“It would be easy for Haiti to sell off coastal land to build ports to bring the cruise ships in, but we want to be at the table to say that’s not a long-term viable solution. A year after the earthquake, I made that point on a panel, which had cruise lines in the audience and they booed me. The day-visit model of the cruise industry is not a sustainable building block for a country like Haiti. We’ve never had big business in Haiti, but it’s an important part of our brand to have a positive impact in our wider industry.”

Despite said clash with cruise lines, Poon Tip stresses he doesn’t have it in for big corporations. “People think I’m an angry little man against mass tourism. I’m not,” he says. “Hilton is setting standards, Marriott is catching up. Big companies have the ability to make a bigger impact and that’s exactly what we need.”

He does have a message for consumers though, and it may not be one they want to hear, because it takes aim at the all-inclusive model.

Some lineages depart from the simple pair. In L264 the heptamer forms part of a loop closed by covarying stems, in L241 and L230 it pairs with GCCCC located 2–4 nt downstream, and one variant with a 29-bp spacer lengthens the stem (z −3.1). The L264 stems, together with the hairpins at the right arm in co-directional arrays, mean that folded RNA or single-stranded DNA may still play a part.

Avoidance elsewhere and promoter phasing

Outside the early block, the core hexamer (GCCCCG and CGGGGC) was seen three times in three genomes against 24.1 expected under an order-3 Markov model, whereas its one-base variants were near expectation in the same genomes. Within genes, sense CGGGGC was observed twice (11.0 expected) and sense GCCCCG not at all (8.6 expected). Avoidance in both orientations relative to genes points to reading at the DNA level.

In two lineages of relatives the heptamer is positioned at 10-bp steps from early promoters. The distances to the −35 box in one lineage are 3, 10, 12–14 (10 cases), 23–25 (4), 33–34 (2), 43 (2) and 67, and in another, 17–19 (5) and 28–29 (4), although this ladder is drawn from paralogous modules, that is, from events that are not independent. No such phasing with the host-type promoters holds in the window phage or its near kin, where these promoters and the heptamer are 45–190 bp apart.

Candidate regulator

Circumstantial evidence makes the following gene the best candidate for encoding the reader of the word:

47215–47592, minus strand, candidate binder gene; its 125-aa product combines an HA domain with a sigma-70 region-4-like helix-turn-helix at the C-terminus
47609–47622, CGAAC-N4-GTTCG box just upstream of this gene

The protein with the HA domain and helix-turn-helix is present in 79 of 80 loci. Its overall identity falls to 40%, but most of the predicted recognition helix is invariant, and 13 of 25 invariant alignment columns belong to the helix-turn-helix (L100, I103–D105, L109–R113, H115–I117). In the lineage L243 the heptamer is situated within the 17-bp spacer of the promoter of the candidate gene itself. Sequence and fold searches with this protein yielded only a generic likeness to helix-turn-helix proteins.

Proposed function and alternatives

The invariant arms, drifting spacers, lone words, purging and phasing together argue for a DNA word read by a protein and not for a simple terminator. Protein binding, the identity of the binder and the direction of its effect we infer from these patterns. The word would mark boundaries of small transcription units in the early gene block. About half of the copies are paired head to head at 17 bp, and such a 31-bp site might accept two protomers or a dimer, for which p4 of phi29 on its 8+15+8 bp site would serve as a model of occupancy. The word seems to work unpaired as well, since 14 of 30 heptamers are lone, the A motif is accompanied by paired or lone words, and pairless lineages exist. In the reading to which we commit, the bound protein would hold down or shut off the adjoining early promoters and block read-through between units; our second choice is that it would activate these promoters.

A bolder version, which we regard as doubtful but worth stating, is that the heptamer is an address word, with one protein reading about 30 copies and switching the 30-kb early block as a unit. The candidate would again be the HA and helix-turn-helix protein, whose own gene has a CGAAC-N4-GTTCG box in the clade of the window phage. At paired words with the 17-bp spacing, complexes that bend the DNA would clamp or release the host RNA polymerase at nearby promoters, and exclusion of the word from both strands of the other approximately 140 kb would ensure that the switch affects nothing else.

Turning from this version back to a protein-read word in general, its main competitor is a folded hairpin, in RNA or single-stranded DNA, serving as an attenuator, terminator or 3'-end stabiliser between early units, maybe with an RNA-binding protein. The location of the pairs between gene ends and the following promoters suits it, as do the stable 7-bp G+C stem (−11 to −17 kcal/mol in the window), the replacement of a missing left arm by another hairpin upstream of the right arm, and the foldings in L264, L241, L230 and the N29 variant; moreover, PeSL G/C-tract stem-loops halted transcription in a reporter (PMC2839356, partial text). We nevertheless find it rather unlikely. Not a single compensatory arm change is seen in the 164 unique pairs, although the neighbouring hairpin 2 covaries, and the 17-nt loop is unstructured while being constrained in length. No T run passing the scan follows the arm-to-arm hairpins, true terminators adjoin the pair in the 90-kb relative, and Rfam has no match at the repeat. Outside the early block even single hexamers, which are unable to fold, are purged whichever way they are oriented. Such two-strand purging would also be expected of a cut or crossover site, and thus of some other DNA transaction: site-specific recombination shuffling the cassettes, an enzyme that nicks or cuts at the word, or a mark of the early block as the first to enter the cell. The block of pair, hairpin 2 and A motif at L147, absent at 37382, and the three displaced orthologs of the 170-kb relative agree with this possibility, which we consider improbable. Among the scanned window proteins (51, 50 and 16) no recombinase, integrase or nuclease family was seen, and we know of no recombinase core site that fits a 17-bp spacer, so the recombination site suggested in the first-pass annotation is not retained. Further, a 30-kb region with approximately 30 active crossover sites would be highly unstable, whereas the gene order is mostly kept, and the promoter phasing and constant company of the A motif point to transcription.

“People are taking more all-inclusive holidays than ever before and we need to educate consumers that the money doesn’t stay in the country.

“If you want the promise of home comforts, stay at home – that’s my message, which is counter-intuitive to our industry. I’m not against luxury tourism; Four Seasons and Ritz-Carlton do amazing work on the ground. I’m not knocking taking a comfortable holiday, but I am if it comes at the expense of local people outside the hotel and their access to healthcare and clean water.”

Twenty-eight years ago Poon Tip founded his company with a brand promise to make travel a force for good. With tours in 100 countries, is his belief as strong as when he ran that original tour to Ecuador?

“Oh, I’m way more optimistic than I was 28 years ago. I’m optimistic when I see what the mainstream tourism industry is doing. I’ve had calls from chief executives of big companies about our guidelines. Apple and Thomas Cook have asked me to speak at their company conferences. And last year the United Nations made 2017 the Year of Sustainable Tourism for Development. People didn’t talk about these things back when we started, but now they do, and the consumer is driving that change. I like to think we played a small part to influence that.”





This article is from the latest edition of WTM Insights, the new quarterly magazine on global travel trends, analysis and updates from TTG Media and WTM.

Find out more about WTM Insights.